The prime minister's critics have questioned the extraordinary silence of a leader who has so far been quick to speak out about the deaths of footballers, pop stars, film actors, royal princesses and indeed any subject under the sun.

Liberal Democrat leader Menzies Campbell criticised Blair for not commenting, so far: "The prime minister's continuing silence is deafening. His unwillingness to condemn the shameful scenes surrounding Saddam Hussein's execution does him no credit."

Observers said Blair's refusal to discuss Saddam's controversial execution indicated how profoundly uncomfortable he was with the subject. Blair and much of Britain are totally opposed to capital punishment. Despite that, the UK has continued to insist the Iraqi authorities were justified in dealing with Saddam in any way they want.

On Sunday, Downing Street returned to the theme of crime and punishment by insisting that Saddam's crimes and the deaths of Iraqis at his hands should not be forgotten. Declining to confirm precisely when Blair would make his comments on Saddam's hanging, a spokesperson said, "In terms of what he will say next week, we don't think there are going to be any surprises on where he stands. He supports the inquiry by the Iraqi authorities. He does believe that the manner of execution was completely wrong, but this shouldn't lead us to forget the crimes that Saddam committed, including the death of hundreds of thousands of Iraqis."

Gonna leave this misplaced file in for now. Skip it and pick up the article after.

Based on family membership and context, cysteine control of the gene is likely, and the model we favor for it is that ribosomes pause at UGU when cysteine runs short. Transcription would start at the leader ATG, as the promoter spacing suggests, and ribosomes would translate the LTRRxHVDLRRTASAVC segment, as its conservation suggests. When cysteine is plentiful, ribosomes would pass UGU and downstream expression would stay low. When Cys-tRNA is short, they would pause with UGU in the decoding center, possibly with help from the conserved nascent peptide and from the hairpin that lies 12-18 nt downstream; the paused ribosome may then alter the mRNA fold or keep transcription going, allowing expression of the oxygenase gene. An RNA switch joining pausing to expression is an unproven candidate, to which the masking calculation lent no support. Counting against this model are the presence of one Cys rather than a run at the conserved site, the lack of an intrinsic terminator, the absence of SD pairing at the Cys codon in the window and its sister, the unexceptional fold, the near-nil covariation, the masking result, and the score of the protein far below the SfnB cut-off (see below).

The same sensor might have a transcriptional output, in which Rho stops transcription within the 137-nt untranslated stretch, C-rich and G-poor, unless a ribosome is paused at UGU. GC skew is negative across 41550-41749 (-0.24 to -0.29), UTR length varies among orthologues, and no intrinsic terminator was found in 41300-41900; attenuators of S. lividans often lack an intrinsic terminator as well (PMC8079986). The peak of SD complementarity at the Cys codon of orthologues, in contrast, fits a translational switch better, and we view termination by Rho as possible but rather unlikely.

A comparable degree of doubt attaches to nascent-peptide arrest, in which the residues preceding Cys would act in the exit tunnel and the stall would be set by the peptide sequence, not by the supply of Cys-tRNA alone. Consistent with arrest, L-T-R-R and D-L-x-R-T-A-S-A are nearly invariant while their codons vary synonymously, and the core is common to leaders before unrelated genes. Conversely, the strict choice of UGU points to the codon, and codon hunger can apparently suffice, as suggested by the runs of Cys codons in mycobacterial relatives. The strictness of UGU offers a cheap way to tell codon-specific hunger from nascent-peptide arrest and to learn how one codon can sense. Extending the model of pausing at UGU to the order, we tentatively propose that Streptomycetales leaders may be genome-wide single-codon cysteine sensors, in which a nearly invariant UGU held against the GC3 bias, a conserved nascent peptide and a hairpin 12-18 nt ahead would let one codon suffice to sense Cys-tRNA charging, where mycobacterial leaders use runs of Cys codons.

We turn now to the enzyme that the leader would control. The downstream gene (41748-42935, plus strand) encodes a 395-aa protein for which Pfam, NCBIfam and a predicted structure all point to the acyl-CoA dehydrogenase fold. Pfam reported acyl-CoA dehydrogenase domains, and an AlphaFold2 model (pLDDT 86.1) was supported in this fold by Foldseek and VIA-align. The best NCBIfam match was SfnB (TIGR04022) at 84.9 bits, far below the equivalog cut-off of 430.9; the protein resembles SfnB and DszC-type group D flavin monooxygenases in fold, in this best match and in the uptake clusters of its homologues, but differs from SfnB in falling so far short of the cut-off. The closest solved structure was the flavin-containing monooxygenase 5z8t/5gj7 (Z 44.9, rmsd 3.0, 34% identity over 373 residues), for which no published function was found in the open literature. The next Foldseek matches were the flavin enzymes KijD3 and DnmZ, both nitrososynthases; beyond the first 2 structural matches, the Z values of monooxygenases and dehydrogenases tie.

Blair, who was on holiday in Miami when the hanging was carried out, has only said so far that he is in favour of an Iraqi inquiry into leaked video footage of Saddam's death.



US court rejects bid to stop Saddam execution
U.S. Legal News | 2006/12/30 20:05

A US federal judge has rejected an eleventh-hour bid by lawyers for Saddam Hussein seeking a direct stay of execution. US District Judge Colleen Kollar-Kotelly issued a 6-page ruling late Friday evening following a telephone conference with lawyers in the wake of court papers filed around 1 PM Friday afternoon.

Kollar-Kotelly wrote: